How was the poster ‘sexual harassment’?
A Sydney workplace health service provider was engaged by a major utility to deliver an injury prevention program with a ‘safe spine’ theme. A worker agreed to have her photograph taken for the purposes of the WHS campaign, but she was not informed about the wording that would be used on the poster.
While the poster was ostensibly intended to encourage workers to ‘warm up the joints’ with exercise before undertaking strenuous physical activity, the most prominent words on the poster contained sexual innuendo that was obvious to the employees at the woman’s workplace, where the woman was the only female worker.
After the poster was put up in her workplace, she felt humiliated, offended and that she was ‘treated like a sex object’. It was later conceded that the poster was designed to convey the safety message in a male-dominated workplace.
She responded by successfully suing her employer and the WHS service provider in the NSW Civil and Administrative Tribunal for sexual harassment and discrimination.
The law on sexual harassment
Engaging in ‘other unwelcome conduct of a sexual nature’ in relation to a person, in circumstances in which a reasonable person would have anticipated that the ‘person would be offended, humiliated or intimidated’ is a breach of the NSW Anti-Discrimination Act (s 22A). The woman was awarded $200,000 in damages from her employer and the WHS service provider, who produced the poster.
The WHS service provider appealed the decision, arguing that they were a ‘third party’ and not responsible for the display, publication and distribution of the poster. The tribunal’s appeal panel, however, dismissed the application, confirming they were responsible ‘both legally and factually for printing and displaying’ the offensive poster.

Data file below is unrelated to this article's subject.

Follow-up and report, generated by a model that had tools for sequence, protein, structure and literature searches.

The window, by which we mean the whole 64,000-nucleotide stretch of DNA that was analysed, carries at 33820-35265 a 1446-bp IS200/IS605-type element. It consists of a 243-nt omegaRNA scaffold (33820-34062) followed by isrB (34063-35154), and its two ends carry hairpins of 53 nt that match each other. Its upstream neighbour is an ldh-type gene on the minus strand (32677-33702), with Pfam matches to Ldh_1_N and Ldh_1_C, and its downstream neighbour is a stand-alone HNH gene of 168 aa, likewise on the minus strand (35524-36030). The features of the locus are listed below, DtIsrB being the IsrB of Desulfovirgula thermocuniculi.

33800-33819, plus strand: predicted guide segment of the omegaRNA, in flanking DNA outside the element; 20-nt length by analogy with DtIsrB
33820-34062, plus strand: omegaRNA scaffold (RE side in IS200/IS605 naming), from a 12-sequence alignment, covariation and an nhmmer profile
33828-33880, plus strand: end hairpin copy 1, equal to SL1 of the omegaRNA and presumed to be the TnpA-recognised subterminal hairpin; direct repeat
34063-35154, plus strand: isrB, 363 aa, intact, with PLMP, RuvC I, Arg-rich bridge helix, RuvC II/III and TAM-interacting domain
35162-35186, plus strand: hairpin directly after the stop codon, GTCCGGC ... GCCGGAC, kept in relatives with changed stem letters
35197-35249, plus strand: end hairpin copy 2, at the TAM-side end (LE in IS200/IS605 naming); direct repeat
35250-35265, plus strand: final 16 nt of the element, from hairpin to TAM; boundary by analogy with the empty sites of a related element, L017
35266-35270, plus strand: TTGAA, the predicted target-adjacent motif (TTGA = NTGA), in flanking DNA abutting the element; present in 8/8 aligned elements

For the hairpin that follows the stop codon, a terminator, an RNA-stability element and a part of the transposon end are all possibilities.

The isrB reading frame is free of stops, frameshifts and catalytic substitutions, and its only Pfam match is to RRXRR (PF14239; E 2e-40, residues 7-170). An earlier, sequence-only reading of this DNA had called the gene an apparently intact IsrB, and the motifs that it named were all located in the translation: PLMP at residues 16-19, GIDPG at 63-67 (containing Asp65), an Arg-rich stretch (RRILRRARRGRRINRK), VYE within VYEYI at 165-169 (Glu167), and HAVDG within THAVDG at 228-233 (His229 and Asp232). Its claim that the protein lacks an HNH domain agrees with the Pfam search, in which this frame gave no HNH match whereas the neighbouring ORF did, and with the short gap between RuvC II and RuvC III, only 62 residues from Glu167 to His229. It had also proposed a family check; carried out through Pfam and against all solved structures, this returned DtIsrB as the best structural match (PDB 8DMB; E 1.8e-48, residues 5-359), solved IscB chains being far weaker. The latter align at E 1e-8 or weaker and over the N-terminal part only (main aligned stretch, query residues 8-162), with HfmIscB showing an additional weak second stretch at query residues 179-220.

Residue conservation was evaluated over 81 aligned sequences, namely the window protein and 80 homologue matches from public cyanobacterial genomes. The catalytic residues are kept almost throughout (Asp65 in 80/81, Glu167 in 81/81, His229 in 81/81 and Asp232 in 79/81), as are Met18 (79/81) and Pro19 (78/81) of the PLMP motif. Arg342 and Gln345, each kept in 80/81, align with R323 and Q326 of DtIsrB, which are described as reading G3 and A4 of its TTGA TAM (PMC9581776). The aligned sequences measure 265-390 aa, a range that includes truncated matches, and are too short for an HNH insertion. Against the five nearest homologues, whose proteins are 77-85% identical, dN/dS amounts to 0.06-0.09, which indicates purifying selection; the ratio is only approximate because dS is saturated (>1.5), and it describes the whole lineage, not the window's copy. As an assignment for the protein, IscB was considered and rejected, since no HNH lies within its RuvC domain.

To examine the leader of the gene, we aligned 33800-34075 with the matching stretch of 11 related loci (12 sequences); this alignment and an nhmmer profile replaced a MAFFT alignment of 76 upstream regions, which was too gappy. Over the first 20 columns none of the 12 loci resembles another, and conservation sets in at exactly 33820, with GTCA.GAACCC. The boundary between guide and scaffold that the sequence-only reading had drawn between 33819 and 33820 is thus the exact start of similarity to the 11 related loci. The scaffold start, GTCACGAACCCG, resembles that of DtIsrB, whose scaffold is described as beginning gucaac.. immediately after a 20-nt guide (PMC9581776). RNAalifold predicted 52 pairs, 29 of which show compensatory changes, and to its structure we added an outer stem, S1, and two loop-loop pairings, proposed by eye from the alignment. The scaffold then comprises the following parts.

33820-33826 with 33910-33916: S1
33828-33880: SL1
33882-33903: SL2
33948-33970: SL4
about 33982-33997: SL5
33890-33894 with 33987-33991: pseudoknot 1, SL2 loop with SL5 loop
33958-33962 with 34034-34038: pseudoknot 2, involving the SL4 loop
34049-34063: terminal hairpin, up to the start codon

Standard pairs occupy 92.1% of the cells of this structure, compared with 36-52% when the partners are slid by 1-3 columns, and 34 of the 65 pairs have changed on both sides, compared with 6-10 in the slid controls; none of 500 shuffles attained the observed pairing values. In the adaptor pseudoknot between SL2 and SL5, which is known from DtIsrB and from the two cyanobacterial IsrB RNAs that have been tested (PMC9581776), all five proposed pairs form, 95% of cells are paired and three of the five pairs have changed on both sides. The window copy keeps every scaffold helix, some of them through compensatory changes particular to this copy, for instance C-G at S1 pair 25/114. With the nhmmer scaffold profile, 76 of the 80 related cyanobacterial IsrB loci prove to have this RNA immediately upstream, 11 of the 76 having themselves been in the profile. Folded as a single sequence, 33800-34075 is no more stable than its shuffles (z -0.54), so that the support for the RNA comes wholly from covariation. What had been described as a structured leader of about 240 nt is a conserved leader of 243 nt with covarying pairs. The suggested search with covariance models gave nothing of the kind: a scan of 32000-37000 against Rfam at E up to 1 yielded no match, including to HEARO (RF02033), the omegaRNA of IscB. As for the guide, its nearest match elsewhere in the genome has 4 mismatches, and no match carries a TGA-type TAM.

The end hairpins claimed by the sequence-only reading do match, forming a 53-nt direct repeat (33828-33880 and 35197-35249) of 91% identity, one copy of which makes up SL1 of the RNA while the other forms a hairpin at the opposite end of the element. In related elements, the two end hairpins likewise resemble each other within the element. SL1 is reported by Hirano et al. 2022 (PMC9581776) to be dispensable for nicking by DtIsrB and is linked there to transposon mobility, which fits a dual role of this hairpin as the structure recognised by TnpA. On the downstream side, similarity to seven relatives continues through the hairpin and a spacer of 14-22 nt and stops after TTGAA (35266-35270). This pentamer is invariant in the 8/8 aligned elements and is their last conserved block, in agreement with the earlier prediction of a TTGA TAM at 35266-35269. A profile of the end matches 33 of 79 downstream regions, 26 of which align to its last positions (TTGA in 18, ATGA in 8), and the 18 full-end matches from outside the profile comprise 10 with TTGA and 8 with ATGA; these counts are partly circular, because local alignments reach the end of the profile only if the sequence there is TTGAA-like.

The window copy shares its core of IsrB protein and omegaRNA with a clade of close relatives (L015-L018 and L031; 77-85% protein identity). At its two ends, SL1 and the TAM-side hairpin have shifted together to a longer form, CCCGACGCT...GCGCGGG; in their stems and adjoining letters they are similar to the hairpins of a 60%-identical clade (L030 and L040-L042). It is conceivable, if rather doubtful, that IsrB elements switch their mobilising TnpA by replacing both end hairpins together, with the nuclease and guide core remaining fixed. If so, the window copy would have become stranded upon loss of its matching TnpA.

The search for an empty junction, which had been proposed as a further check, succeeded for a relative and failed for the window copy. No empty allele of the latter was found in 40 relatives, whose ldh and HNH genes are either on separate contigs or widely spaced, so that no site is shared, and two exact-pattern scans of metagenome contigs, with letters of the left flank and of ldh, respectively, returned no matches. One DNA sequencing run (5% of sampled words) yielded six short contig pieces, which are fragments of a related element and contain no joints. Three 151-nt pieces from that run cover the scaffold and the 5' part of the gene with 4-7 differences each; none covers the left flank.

The service provider then applied to appeal against the appeal panel’s decision.
In the Supreme Court
One of the arguments the WHS service provider put forward was that the depiction in that context of a woman feeling great because she lubricates could not amount to sexual harassment because its sexualised message was not ‘explicit’. In response to this, one of the judges commented that the sexualisation of women in the workplace is often not explicit.
‘Innuendo, insinuation, implication, overtone, undertone, horseplay, a hint, a wink or a nod, these are all devices capable of being deployed to sexualise conduct in ways that may be unwelcome, she said, adding that the power of implication is well understood in the field of defamation, and ‘in the nature of things, the sexual implication is perhaps the most powerful of all.
‘The suggestion that conduct cannot amount to sexual harassment unless it is sexually explicit overlooks the infinite subtlety of human interaction and the historical forces that have shaped the subordinate place of women in the workplace for centuries,’ she said.
What is unwelcome conduct of a sexual nature?
The court held that there are two parts to the question of whether conduct amounts to ‘other unwelcome conduct of a sexual nature’ for the purposes of the definition of sexual harassment in the Anti-Discrimination Act.
Whether the conduct is ‘conduct of a sexual nature’ is a question of fact, ascertained objectively. Whether the conduct is ‘unwelcome’ is a subjective question determined by reference solely to the complainant’s state of mind.
The court found that the appeal panel had made no error on questions of law, and dismissed the WHS service provider’s appeal.
The bottom line: Whether conduct is ‘unwelcome’ is a subjective question determined by reference only to the complainant’s state of mind. The subjective intention of the alleged perpetrator is not an element of sexual harassment.
Read the judgment: Vitality Works Australia Pty Ltd v Yelda (No 2)  NSWCA 147 (19 July 2021)